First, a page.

2022: Our Year in Review

The numbers are in: This year has officially been CSLDF’s busiest to date. In a year of continued attacks on science, 2022 has seen 42 scientists, professors, and scientific research nonprofits come through CSLDF’s doors for legal advice and counsel.

A sampling of these cases:

  • Defending a climate scientist who was sued for defamation after debunking climate misinformation online.
  • Helping an employee avoid workplace retaliation for taking a company to task on its alleged greenwashing.
  • Drafting a scientific integrity complaint on behalf of an ecologist blowing the whistle on a federal agency for climate censorship.
  • Defending a climate sociologist against invasive open records requests from a fossil fuel-funded special interest group.
  • Assisting a group of physicians involved in climate health activism understand how to mitigate any risks to their professional lives.

We published a new educational resource for scientists, How Scientists Can Participate in Government Rulemaking, available for free on our website. This guide, part of our Pocket Guide series, helps scientists understand how to safely and effectively participate in the important notice-and-comment process.

We submitted comments to the Biden administration in response to the White House Office of Science and Technology Policy’s request for information on developing a new federal scientific integrity policy framework. Our comments urged federal agencies to strengthen prohibitions against political interference, develop clear penalties for violations, protect scientists’ rights to publicly communicate their work, and make it easier for scientists to file scientific integrity complaints.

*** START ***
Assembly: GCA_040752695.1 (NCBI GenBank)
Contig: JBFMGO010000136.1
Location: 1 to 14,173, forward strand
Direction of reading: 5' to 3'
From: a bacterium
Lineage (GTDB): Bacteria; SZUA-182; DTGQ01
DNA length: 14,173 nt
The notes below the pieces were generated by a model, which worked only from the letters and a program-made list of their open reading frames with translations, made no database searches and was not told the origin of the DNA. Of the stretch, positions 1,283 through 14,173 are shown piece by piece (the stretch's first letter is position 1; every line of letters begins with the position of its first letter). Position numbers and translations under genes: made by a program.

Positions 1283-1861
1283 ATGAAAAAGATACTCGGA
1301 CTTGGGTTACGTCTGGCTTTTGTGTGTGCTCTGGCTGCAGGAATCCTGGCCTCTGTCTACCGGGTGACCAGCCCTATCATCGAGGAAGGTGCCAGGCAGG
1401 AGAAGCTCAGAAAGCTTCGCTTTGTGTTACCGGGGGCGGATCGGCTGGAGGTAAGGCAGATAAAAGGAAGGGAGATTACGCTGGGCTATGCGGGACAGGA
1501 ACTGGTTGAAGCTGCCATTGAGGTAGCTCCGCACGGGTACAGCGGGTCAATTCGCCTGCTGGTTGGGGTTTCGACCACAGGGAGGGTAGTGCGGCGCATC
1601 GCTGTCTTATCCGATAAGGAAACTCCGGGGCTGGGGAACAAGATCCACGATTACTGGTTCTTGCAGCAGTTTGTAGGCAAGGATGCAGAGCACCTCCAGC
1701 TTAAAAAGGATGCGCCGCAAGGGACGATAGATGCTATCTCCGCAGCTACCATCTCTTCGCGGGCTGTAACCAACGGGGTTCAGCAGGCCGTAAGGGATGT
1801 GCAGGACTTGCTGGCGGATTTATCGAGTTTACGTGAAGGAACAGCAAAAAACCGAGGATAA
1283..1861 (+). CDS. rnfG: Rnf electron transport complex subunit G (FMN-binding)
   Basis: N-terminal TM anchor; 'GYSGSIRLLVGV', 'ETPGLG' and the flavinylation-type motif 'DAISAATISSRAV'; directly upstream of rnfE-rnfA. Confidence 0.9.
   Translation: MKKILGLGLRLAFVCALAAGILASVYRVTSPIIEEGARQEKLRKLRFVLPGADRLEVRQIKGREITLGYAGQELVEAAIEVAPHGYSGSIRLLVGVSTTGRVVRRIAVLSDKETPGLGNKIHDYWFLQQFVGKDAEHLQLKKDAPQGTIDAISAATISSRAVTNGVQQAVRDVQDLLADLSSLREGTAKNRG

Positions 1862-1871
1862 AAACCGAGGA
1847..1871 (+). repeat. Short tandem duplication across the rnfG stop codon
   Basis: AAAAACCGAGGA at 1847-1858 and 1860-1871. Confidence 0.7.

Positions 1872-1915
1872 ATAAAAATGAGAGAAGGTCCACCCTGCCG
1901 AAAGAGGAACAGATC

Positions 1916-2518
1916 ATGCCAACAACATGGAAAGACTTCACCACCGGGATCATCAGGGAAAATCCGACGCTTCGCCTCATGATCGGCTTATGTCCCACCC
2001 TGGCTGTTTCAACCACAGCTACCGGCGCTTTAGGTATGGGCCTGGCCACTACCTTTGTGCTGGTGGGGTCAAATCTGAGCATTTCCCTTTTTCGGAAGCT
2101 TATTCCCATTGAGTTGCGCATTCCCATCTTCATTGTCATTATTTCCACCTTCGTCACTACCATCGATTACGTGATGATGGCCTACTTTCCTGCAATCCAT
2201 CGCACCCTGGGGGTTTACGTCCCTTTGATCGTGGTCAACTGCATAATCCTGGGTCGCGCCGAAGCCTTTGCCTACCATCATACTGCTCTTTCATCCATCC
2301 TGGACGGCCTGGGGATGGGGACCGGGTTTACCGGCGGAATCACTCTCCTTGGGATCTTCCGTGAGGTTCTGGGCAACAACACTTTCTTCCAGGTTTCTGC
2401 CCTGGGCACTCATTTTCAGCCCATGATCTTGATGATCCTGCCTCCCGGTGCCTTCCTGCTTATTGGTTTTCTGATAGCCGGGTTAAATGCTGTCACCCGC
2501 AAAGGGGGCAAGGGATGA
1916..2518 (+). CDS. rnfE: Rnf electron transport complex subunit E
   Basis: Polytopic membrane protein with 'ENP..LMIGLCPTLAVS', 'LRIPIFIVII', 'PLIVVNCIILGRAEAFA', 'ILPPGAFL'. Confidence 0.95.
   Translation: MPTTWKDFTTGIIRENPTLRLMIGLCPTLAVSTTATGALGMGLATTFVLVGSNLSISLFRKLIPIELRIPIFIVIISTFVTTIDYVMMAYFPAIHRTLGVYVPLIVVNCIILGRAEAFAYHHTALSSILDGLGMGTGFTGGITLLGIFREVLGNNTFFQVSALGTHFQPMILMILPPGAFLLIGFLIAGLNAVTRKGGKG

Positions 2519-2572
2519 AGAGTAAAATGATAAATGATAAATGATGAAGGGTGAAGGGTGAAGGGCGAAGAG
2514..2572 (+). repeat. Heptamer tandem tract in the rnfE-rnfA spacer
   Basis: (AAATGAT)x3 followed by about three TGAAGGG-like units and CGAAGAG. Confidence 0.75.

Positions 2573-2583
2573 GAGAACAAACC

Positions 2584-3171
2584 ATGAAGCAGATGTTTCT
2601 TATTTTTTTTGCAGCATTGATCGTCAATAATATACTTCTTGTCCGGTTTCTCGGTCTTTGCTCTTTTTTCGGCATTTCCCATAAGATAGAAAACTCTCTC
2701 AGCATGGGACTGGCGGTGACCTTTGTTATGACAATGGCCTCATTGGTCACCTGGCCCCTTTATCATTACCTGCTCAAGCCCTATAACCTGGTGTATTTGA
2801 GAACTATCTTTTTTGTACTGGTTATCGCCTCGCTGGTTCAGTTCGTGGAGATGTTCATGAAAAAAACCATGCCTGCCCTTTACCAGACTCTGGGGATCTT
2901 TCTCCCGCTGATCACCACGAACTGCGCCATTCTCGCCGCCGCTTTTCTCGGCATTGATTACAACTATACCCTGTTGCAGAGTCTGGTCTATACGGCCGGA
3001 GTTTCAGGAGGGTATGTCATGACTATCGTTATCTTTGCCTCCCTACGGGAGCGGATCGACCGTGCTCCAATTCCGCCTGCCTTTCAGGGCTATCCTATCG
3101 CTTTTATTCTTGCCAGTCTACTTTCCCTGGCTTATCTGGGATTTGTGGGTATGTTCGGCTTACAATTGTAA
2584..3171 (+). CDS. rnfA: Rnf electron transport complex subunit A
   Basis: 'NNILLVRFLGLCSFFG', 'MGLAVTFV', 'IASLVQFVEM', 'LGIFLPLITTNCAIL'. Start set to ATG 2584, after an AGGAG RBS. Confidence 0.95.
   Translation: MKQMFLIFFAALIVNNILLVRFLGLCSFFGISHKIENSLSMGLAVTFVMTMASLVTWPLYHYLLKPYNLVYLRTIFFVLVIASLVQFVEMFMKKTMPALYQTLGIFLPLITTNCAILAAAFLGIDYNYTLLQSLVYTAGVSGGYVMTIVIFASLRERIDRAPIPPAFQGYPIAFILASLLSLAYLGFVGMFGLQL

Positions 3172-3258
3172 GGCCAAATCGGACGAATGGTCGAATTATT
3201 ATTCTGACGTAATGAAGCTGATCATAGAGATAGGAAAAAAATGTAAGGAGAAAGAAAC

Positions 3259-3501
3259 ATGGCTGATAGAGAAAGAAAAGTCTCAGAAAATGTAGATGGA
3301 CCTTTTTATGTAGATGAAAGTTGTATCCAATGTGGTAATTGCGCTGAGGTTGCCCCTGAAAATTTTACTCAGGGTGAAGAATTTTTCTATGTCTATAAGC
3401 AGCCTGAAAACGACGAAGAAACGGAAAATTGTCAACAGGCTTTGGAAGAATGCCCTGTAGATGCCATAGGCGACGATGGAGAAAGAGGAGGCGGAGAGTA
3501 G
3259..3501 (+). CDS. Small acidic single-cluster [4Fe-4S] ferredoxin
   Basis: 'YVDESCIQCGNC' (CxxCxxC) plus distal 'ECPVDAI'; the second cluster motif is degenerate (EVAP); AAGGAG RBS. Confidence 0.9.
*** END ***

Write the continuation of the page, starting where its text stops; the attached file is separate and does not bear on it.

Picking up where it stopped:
We co-authored a detailed report on the Supreme Court’s opinion in West Virginia v. Environmental Protection Agency, along with other science-forward groups. The report analyzes the West Virginia case, which seriously undercut EPA’s ability to regulate greenhouse gases, and suggests other ways the government may be able to prevent catastrophic climate change.

We held educational events for scientists and students to help them understand their legal rights and how to use their voices as citizens. These included workshops and talks at meetings held by the March for Science New York City, the Union of Concerned Scientists, the Geological Society of America, and the American Geophysical Union.

We were quoted and our work was highlighted in numerous news sources including Bloomberg, Nature, and E&E News. And CSLDF staff authored op-eds which appeared in Undark Magazine, The Hill, and other publications.

Finally, we have continued to monitor trends in climate misinformation as well as efforts by special interest groups to harass and intimidate climate scientists in order to delay action on climate change.

While CSLDF has faced its busiest year since our founding, for every scientist that we help, the challenges facing climate scientists continue to shift. You can help us protect the scientific endeavor in 2023 by making a year-end gift. A group of supporters are matching all contributions made through December 31, up to $15,000, so your gift will go twice as far.

As the year ends, we want to deeply thank everyone who supports our work at CSLDF. We wish everyone a healthy and peaceful holiday season, and we look forward to accomplishing even more for the scientific endeavor in 2023.

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